Credit: (Photo: Walter G. Allgöwer/ imageBROKER/Newscom)

A “New Deal” for Informal Workers in Asia

Era Dabla-Norris, Changyong Rhee

April 30, 2020

عربي,  中文, Español, Français,日本語, Português, Русский

Full or partial lockdowns to curb the spread of COVID-19 are having crippling effects on businesses and workers across Asia, as elsewhere. Among the most vulnerable of the workers are the ones working in part-time and temporary jobs without social insurance, and in sectors of the economy that are neither taxed, nor regulated by any form of government.

Known as informal workers, they are particularly vulnerable to dramatic collapses of income and loss of livelihoods.

Effective policy responses must reach informal workers and their families quickly to prevent them from falling (deeper) into poverty.

Informal workers account for a large share of the workforce in many countries in the region but typically have no access to sick leave or unemployment benefits. Their access to health benefits is often precarious. And, for many of them, savings are either nonexistent or extremely limited. Many workers, especially the self-employed and daily wage earners, live hand-to-mouth. If they cannot work for extended periods of time, their family’s income is at risk. Protecting their earnings—whether by increasing unemployment benefits, reducing income taxes, or extending paid sick leave—and reaching them through transfers, is nearly impossible.

Time is everything. Effective policy responses must reach informal workers and their families quickly to prevent them from falling (deeper) into poverty and to protect their livelihoods. Even with their budgetary and capacity limitations, countries in the region are implementing measures to help the most vulnerable. But given the size of the economic shock, much more is needed.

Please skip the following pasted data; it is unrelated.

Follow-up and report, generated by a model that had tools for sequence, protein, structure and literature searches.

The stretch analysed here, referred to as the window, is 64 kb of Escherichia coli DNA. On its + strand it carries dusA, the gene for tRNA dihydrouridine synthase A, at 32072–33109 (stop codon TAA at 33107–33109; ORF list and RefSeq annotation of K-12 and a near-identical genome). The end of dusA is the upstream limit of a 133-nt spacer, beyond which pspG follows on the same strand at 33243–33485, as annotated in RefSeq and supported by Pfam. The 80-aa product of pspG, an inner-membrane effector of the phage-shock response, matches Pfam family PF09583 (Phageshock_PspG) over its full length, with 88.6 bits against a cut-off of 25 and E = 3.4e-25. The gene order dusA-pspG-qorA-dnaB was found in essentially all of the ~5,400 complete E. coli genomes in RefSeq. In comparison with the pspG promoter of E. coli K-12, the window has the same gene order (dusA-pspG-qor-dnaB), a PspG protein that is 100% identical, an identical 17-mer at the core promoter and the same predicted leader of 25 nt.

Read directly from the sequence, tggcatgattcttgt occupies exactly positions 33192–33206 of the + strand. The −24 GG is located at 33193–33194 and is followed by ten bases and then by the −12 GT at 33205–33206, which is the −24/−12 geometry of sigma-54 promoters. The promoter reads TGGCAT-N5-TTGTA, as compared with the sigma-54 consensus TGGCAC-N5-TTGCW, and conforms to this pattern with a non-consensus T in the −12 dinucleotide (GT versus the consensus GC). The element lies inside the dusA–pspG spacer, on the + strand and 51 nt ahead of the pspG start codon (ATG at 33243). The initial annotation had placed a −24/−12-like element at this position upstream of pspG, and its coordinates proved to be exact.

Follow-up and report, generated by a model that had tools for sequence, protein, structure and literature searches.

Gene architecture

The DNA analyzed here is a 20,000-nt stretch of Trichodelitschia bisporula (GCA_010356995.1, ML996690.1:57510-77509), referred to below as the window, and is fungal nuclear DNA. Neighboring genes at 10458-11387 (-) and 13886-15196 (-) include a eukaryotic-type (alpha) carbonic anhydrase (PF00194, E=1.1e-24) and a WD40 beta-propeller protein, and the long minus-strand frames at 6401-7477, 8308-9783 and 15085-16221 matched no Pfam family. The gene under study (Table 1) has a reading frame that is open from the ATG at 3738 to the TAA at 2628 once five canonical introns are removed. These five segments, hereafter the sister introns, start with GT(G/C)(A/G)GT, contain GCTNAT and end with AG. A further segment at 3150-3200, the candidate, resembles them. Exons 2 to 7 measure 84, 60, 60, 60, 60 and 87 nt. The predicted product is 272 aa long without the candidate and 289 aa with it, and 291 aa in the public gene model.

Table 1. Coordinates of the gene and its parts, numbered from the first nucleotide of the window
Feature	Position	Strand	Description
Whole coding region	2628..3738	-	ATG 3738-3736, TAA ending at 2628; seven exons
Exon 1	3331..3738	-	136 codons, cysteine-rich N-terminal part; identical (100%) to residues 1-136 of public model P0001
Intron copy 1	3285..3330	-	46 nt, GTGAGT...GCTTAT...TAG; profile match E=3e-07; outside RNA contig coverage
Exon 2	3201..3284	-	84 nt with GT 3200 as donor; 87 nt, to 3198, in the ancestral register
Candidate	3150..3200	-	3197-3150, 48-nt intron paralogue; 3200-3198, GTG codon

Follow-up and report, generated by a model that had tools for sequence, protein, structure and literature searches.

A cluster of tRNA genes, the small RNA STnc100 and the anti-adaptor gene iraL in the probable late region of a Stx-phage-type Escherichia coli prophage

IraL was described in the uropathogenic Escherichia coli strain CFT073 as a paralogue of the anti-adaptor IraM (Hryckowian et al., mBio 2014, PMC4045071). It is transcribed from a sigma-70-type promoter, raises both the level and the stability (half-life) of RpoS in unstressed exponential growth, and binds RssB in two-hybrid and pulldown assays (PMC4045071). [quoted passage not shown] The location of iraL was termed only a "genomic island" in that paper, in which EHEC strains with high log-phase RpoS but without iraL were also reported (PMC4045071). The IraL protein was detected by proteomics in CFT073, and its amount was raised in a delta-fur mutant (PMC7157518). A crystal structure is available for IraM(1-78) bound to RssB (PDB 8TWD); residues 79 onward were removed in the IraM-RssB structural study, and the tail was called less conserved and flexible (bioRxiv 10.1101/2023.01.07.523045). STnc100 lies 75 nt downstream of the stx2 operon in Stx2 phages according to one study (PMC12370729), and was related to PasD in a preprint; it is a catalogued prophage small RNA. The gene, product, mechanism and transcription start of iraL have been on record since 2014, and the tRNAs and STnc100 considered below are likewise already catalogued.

Pervasive informality in the region

Informal workers in the Asia-Pacific region account for nearly 60 percent of nonfarm employment, higher than in Latin America and Eastern Europe, and ranging from around 20 percent in Japan to over 80 percent in Myanmar and Cambodia. This includes workers with very different characteristics in terms of employment status, income, and sector of activities. It includes wage workers without social protection or other formal insurance arrangements in both informal and formal sector enterprises, and the self-employed, such as street vendors and their contributing family members, as well as daily laborers.

Informal workers are twice as likely as formal workers to belong to poor households. While some of these poor households are beneficiaries of transfer programs, coverage and adequacy of benefits to combat the COVID-19 shock remain an issue.

Policy responses

As countries across the region cast wide emergency safety nets, a broad patchwork of old and new policy solutions is emerging.

Looking ahead: a post-pandemic “New Deal” for the region

The COVID-19 outbreak has exposed the challenges in protecting informal workers and vulnerable households in Asia. But these extraordinary circumstances also provide an opportunity to address longstanding inequalities—in access to health and basic services, finance, and the digital economy—and to enhance social protection for informal workers.

Already, the pandemic is upending conventional norms on education provision and social assistance, with internet, mobile, and digital payment platforms reaching broader swathes of populations than ever in the past. What informal workers need now is a “New Deal” that provides immediate social protection against the pandemic’s economic fallout while putting in place the building blocks for a stronger safety net for the future. How can this be done?

Addressing the pervasive informality in Asia will also require comprehensive measures to improve the business environment, remove onerous legal and regulatory obstacles (especially for startups), and rationalizing the tax system. Specific policies will depend on country circumstances but should aim to bring informal workers into basic social safety nets while enhancing their productivity.

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